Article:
Grassley urges Trump to pull out of NAFTA if Democrats resist new deal
Chuck Grassley (R-Iowa), chair of the Senate Finance Committee. Photo: Erin Schaff-Pool/Getty Images
Sen. Chuck Grassley (R-Iowa) told reporters Wednesday that President Trump should "pull out" of NAFTA if the Democrat-controlled House doesn't support the renegotiated trade deal signed by the U.S., Mexico and Canada last November.
"I hope that they're smart enough not to let that happen."
Between the lines, via Axios' Caitlin Owens: As the new chair of the Senate Finance Committee, Grassley will be responsible for shepherding the deal through the Senate. Withdrawing from NAFTA would be seen as the ultimate way to force the Democrats' hand when it comes to approving the trade deal, but it's a risky move. If Democrats don't fold and there ends up being no trade agreement with Canada and Mexico, the result would be complete economic chaos.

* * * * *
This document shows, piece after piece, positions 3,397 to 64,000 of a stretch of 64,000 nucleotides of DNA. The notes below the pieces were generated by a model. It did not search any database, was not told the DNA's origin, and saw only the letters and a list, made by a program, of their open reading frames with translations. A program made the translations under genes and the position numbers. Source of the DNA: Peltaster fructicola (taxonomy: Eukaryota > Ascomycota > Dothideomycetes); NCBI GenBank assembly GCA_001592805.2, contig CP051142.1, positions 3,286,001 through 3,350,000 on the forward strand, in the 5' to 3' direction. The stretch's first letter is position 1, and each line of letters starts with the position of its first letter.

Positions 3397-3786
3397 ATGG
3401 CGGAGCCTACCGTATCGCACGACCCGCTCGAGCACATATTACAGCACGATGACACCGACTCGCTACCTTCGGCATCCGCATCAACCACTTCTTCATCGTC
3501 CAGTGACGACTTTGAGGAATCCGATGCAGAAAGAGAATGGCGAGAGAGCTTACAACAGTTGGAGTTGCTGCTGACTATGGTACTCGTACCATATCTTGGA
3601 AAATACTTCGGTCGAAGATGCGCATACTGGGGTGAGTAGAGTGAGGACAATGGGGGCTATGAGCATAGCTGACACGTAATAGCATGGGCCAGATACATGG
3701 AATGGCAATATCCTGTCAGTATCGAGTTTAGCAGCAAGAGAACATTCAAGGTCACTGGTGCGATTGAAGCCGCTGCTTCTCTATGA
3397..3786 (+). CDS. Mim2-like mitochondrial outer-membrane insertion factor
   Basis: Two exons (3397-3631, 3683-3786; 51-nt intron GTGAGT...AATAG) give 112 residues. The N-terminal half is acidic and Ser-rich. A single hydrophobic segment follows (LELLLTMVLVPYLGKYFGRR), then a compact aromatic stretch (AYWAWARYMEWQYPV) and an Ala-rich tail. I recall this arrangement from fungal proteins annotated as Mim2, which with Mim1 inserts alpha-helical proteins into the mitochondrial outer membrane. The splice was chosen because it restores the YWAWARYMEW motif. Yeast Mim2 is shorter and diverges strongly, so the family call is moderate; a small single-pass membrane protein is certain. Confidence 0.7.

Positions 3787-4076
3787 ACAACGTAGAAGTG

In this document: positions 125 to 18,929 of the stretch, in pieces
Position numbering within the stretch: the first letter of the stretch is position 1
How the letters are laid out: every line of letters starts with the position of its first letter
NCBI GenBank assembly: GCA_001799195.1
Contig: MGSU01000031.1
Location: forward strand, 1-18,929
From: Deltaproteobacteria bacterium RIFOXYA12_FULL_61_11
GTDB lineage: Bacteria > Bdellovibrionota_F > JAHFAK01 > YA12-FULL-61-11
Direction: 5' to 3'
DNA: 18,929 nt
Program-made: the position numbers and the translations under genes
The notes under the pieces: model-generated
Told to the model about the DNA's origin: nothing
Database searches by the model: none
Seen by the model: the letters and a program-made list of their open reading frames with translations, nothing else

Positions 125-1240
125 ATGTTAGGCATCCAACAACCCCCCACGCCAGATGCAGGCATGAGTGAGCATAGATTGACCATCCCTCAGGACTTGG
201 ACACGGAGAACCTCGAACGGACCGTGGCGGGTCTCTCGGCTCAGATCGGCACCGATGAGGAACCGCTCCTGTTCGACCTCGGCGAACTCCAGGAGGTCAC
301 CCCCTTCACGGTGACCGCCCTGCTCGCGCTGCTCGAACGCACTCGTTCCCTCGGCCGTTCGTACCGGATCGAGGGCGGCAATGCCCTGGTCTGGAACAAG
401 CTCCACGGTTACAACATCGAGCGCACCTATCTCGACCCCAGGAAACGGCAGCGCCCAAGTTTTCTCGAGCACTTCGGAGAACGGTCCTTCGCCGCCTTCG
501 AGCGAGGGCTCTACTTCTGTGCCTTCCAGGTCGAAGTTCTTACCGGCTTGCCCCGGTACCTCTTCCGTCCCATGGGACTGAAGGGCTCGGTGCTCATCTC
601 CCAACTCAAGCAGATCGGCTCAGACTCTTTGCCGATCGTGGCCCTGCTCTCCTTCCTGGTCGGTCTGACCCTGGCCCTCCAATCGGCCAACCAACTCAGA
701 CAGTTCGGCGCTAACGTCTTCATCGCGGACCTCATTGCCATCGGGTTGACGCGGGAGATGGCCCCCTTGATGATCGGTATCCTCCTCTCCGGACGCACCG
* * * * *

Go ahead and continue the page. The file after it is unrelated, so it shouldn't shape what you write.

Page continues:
Background: The revised deal, known as the United States-Mexico-Canada Agreement (USMCA), still has to be approved by Congress and the Canadian and Mexican legislatures.
- USMCA contains modest changes from NAFTA, but Trump sees it as a major win after promising on the campaign trail to get rid of what he called the "single worst trade deal ever approved."
- But as the New York Times notes, House Democrats aren't likely to want to "sign off on any deal that does not include significant changes that labor leaders and newly elected progressives are demanding. That could involve reopening negotiations with Mexico, although American and Mexican negotiators have both publicly ruled out that possibility."
Go deeper: Breaking down the rapid NAFTA rebrand